History of Elizabeth McGhie Boam


Elizabeth McGhie Boam
Elizabeth McGhie Boam

Written by Katie Boam Fairbanks, Granddaughter

ELIZABETH McGHIE, daughter of William McGhie and Elizabeth Collins, was born in Glenhead Toll, Kirkoswald, Ayreshire, Scotland Ė January 6th, 1832.

She was the second born of eight children; two boys and six girls: five of these eight children only lived a short time.

Her parents joined the Church of Jesus Christ of Latter-day Saints, and Elizabeth was baptized a member of the Church on December 8th, 1843.

These people were not a record-keeping people and their stories of their lives as told to different members of the family were never written down, so I have nothing to tell about Elizabethís life until she, her brother William and sister Agnes set sail for America with their parents on the ship Windemere from Liverpool, England, February 22nd, 1854.

The captain of this ship was a very able man who had sailed the high seas successfully for over ten years. Despite this experience and his ability, he always endeavored to secure some Mormon passengers as he often said, he had a feeling of security and safety when they were on board, regardless of popular prejudice.

For unknown reasons to the passengers, the boat did not set sail on its scheduled date of the previous week. Goodbyes had been said and everything was in readiness, but no one was allowed to leave the boat because they didnít know when the Captain would decide to weigh anchor.

(I was fortunate to find the following material pertaining to the crossing of the ship Windemere on the date mentioned above, which is as follows:)

The following information was copied from "Daughters of Utah Pioneers," lesson for September 1954 by Kate B. Carter, titled: "They Came in 1854." This gives an account of the crossing of the Saints on the ship Windemere of which our ancestors, William McGhie and family, and Thomas Boam were passengers. (See page 38) William Walton Burton, a twenty-one year old passenger on the boat kept an account of the journey, which he prefaced by this:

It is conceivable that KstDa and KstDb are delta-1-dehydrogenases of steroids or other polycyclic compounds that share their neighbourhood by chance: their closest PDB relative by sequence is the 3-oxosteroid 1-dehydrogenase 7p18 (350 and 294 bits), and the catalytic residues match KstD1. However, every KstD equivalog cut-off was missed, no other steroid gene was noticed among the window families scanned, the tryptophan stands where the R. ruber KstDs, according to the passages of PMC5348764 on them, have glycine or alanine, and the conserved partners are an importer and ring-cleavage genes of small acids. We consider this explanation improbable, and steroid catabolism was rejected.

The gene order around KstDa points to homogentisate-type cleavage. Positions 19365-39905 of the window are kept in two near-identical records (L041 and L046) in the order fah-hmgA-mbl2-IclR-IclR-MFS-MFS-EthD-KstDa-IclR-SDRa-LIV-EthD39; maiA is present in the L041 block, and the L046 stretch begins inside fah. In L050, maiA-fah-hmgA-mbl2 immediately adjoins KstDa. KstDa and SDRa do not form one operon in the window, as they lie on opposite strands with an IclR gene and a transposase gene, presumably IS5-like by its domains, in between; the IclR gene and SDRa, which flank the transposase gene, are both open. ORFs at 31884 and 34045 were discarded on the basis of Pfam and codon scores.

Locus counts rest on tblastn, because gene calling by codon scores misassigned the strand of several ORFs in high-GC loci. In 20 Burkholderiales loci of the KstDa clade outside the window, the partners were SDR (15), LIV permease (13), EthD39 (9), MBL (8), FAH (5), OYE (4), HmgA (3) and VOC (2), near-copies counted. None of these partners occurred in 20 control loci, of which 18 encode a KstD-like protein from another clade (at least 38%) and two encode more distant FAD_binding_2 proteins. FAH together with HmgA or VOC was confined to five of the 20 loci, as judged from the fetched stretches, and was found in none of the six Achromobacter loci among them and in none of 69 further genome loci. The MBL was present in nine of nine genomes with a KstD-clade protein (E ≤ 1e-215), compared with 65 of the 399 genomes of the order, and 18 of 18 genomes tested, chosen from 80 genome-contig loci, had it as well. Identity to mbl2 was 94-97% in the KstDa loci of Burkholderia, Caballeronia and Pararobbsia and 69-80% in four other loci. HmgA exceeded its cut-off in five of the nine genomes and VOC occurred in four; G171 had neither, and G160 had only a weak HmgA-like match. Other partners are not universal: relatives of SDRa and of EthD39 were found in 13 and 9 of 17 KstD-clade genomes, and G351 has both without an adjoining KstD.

"As the land disappeared in the distance, the sweet singing ceased and many began to feel ill. About 8 p.m. the first day at sea, an old gentleman named Squires died. All that night the wind howled fiercely; the sea was rough and the ship was driven off its course toward the Isle of Atan. About 11 p.m., Holly Head, which is the most dangerous point and the scene of frequent shipwrecks, was passed. On the following morning, February 23rd, the body of Philip Squires was lowered into the sea.

On the 12th day of March, from 7 to 8 a.m., an exceedingly fierce storm arose. The masts cracked andmany of the sails were cut in pieces. The Captain of the Windermere [sic], Captain Fairfield, expressed fears that the ship could not stand so heavy a sea. In speaking with Daniel Garn, President of the Saints on board, he said: "Iím afraid the ship cannot stand this storm, Mr. Garn. If there be a God, as your people say there is, you had better talk to Him Ė if He will hear you. I have done all that I can for the ship and Iím afraid that with all that can be done, she will go down."